Developing microscopic robots from the stem cells of a frog embryo

A team of scientists designed a microscopic robot made from the stem cells of a frog embryo with self-healing capabilities and the ability to retain memories, and draws innovation from previous work released last year, called Xenobots, but has been updated to move more efficiently and perform tasks more complicated.

The machines called Xenobots 2.0 are capable of self-propulsion using leg-like bodies, while their predecessor relied on muscles to move, allowing them to travel faster on surfaces. However, the biggest advance is The ability to remember things like radioactive pollution, chemical pollutants, or a disease in the body, and can be reported to researchers for further analysis.


Both devices were also developed by biologists and computer scientists from Tufts University and the University of Vermont (UVM), who used the name "Xenobots" after the African frog, Xenopus Laevis, which was used to collect cells. Elementary robots were programmed to perform a range of tasks, namely drug delivery. Directly to a point in the body.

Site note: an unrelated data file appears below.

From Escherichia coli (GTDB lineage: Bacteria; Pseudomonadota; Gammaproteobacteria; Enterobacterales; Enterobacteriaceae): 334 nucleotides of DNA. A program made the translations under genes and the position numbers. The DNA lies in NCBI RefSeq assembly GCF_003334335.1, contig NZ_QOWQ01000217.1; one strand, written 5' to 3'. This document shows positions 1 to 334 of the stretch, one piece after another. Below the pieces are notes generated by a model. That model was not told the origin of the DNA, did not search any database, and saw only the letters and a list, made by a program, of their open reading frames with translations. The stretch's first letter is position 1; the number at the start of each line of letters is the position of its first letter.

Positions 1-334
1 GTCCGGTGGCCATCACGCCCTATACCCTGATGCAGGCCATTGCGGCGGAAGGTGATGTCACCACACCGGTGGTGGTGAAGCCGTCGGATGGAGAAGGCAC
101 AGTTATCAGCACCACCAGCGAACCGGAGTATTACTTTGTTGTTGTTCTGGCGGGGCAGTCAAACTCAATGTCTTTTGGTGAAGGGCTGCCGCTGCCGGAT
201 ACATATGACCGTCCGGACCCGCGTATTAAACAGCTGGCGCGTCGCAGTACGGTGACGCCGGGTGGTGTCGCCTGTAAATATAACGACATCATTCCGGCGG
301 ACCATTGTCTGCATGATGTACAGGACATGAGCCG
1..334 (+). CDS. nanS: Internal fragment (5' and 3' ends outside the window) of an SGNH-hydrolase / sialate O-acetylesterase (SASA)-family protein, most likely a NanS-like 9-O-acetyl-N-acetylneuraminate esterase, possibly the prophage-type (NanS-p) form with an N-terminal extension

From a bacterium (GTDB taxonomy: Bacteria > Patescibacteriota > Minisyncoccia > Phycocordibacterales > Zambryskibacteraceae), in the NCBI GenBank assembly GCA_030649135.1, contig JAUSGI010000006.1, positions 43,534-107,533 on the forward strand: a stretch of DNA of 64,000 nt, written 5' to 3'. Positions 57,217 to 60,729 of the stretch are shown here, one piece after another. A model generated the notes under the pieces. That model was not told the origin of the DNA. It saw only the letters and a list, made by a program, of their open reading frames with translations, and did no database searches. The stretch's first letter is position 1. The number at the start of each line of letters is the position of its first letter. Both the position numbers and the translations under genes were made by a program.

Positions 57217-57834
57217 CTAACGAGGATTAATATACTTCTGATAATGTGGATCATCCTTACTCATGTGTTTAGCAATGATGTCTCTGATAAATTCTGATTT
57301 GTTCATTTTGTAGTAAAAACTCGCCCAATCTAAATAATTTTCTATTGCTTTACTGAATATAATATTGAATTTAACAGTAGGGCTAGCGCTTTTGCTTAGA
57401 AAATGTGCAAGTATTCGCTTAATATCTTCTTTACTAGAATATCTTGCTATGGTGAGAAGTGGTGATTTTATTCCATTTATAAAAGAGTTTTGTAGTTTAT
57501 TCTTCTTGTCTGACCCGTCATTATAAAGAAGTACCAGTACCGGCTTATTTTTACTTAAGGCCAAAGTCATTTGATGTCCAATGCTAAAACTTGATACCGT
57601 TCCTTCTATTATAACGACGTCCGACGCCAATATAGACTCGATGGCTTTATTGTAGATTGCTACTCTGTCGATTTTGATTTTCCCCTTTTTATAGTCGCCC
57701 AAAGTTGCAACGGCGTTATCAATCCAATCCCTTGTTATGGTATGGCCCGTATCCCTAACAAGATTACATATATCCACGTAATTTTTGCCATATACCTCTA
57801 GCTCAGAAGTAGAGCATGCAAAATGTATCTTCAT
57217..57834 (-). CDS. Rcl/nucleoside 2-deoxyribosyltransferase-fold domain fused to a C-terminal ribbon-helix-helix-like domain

The update to versions 2.0 was to move faster, navigate different environments and have a longer life, but they still had the ability to work together in groups and heal themselves in case they got damaged.


While Tufts University scientists created physical organisms, scientists at UVM have been busy running computer simulations that have engineered different forms of Xenobots to see if they will exhibit different behaviours, either individually or in groups.


Josh Bongard of UVM, as we bring more capabilities to robots, we can use computer simulations to design them with more complex behaviours and the ability to perform more detailed tasks. We can design them not only to report conditions in their environment but also to modify and repair conditions in their environment.


After the simulations, the team decided that the new Xenobots were much faster and more adept at tasks such as collecting microplastics in water, which was much faster than the first edition.

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